Water Snapshot
Background

The Delaware River Basin Water Snapshot Program was born on September 6, 1995, at a meeting hosted by the Delaware Riverkeeper Network and attended by representatives from the Delaware River Basin Commission (DRBC), the U.S. Environmental Protection Agency (U.S. EPA), and the state of Delaware. The purpose of the meeting was to get as many volunteers involved as possible in monitoring basin waterways. At some point this question was raised: "Why not have every monitoring program in the basin, volunteer or not, collect data during the same time period? Bracket it around Earth Day as a demonstration of the massive commitment to clean water. It will be a snapshot of the health of the basin's waters."

The first Delaware River Basin Water Snapshot took place in late-April 1996. Led by the DRBC over the next 11 years, this annual water quality sampling event that took a "snapshot" of the health of the basin's waters served as an educational, outreach activity around Earth Day, April 22, bringing attention to the need for water quality monitoring and providing much-deserved recognition to those volunteers who participate in monitoring programs throughout the year. Whether participants conducted a visual assessment, used a simple monitoring kit or sophisticated instruments, the hope was thatSnapshot would create a heightened awareness about local watersheds, the crucial role our watersheds play in all of our lives, and the need for stewardship. The data were compiled without regard to the precision of the analytical method or the expertise of the analyst. Snapshot results are not intended to reflect exact science, but rather show the public's commitment to learn more about the quality of the basin's waters.

Over the years, the program benefitted from the input of representatives from the Delaware Department of Natural Resources and Environmental Control, Delaware Estuary Program, Delaware Nature Society, Delaware Riverkeeper Network, National Park Service, New Jersey Department of Environmental Protection, New York Department of Environmental Conservation, Pennsylvania Department of Environmental Protection (Pa. DEP), Pennsylvania Department of Conservation and Natural Resources, Pennsylvania Environmental Council, Pocono Environmental Education Center, Upper Delaware Council, U.S. EPA, and the U.S. Geological Survey.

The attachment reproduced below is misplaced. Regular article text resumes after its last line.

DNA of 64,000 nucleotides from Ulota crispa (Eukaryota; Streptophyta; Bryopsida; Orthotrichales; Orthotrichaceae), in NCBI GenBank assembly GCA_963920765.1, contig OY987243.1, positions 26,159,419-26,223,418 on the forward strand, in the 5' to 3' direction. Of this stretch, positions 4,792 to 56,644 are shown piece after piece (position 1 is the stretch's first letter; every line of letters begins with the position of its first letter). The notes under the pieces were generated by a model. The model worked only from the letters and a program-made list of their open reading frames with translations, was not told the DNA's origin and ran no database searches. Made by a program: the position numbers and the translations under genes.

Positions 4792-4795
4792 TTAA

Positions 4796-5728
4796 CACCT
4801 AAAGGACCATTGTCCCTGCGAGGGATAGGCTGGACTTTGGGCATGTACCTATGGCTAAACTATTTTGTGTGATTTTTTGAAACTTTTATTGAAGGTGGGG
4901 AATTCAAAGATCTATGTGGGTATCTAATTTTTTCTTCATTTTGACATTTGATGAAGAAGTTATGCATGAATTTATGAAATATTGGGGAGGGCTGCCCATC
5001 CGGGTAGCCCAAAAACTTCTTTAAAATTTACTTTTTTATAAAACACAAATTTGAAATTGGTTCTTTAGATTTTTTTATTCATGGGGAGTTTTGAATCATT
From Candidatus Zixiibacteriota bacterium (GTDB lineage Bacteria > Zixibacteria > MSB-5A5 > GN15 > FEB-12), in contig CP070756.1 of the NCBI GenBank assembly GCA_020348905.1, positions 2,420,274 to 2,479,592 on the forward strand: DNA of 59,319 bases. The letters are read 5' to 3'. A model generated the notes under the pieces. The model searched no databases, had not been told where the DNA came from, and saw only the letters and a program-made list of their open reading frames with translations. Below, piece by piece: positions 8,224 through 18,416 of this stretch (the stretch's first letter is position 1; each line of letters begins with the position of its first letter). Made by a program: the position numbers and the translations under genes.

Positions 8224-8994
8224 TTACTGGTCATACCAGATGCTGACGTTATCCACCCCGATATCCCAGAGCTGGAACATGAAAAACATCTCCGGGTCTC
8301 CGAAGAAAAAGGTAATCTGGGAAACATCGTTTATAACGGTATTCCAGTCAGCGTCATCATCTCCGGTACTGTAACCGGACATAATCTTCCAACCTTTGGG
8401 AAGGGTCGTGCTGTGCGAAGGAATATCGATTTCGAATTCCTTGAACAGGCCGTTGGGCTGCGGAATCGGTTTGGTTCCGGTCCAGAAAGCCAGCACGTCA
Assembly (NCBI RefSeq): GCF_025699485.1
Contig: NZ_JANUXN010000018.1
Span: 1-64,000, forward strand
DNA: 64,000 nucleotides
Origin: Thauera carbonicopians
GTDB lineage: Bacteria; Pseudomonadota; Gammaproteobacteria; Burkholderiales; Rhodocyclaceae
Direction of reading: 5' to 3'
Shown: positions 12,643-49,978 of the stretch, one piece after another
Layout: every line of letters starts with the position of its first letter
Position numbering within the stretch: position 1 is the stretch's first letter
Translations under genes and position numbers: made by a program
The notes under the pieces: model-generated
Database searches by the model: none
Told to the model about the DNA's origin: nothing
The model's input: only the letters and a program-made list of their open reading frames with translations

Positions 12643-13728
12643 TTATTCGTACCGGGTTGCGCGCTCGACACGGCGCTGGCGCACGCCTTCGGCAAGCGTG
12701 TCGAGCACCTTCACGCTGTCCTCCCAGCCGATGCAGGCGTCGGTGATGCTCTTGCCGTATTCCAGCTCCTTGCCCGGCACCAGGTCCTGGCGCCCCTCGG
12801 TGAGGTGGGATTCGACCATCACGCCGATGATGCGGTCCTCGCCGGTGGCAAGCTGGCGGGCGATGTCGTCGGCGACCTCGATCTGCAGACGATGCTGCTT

Pa. DEP liked Water Snapshot so much that it developed its own statewide program in 1998, which continued for ten years.

Unfortunately, the DRBC suspended the Delaware River Basin Water Snapshot program in 2007. This decision was largely due to ongoing budget pressures that did not allow the commission to purchase water monitoring kits for distribution to participants and other workload demands on staff that impacted efforts to market the program to prospective participants. This was reflected in the steady, downward trend in level of participation over the last several years prior to 2007.

Even though commission staff will no longer be collecting and compiling the data sheets, improving our sense of individual and collective stewardship through education remains an important goal. DRBC is making available the Water Snapshot data entry form (pdf 42 KB) for use by teachers, scout leaders, or any other interested persons who may wish to use it for instructional purposes. And please don't forget the many local watershed groups that are actively involved in monitoring, educational, and other important stewardship projects throughout the entire year, not just around Earth Day. They are always looking for new members.

In the past, we have posted photos and other special submissions by Snapshot participants on the commission's web site. Especially noteworthy are the Upper Delaware Snapshot reports (including photos, artwork, and writings of students) prepared with the valuable assistance of staff from the National Park Service-Upper Delaware Scenic and Recreational River. Here are the words written by Water Snapshot 2002 participant Max Roche, who then was a sixth grader attending Wayne-Highlands School District's Damascus Elementary School in Pennsylvania:

"Our River"
by Max Roche

As one of our main water sources, protecting the river is an important environmental role along the mighty Delaware. It can be said that the Delaware is our river of life. Being a good steward is an important part of society. If we're to live the way we do now, and better, we must protect the river and the important resources that it bears. Having a location at the beginning of the mighty river, my community is an important influence on the other 250 miles south of my community. Stewardship is important not only here, but in every river community. As a student in Water Snapshot, I have been led to believe that as a good steward you need two things: patience and passion. It takes the time and energy of a day's work to do this job. You must also want to take the time to do this. You can help our river and its basin by cleaning near, in, and around the Delaware watershed, and by trying not to pollute the air and water. This includes substances like smoke and oil. These are only a few of many ideas that I have. In conclusion I feel that if everyone would take five minutes of their time to help this ecosystem, then we could all live better without as many sacrifices as people thought.

We continue to invite you to share photos and special submissions like these with us for posting on the DRBC's "Ed. Web" educational web site.

Again, we thank you for your past support of the Delaware River Basin Water Snapshot program and hope you will continue to be actively committed to education and stewardship activities throughout the watershed.

Delaware River Basin Snapshot Annual Information
National Park Service Upper Delaware Snapshot Reports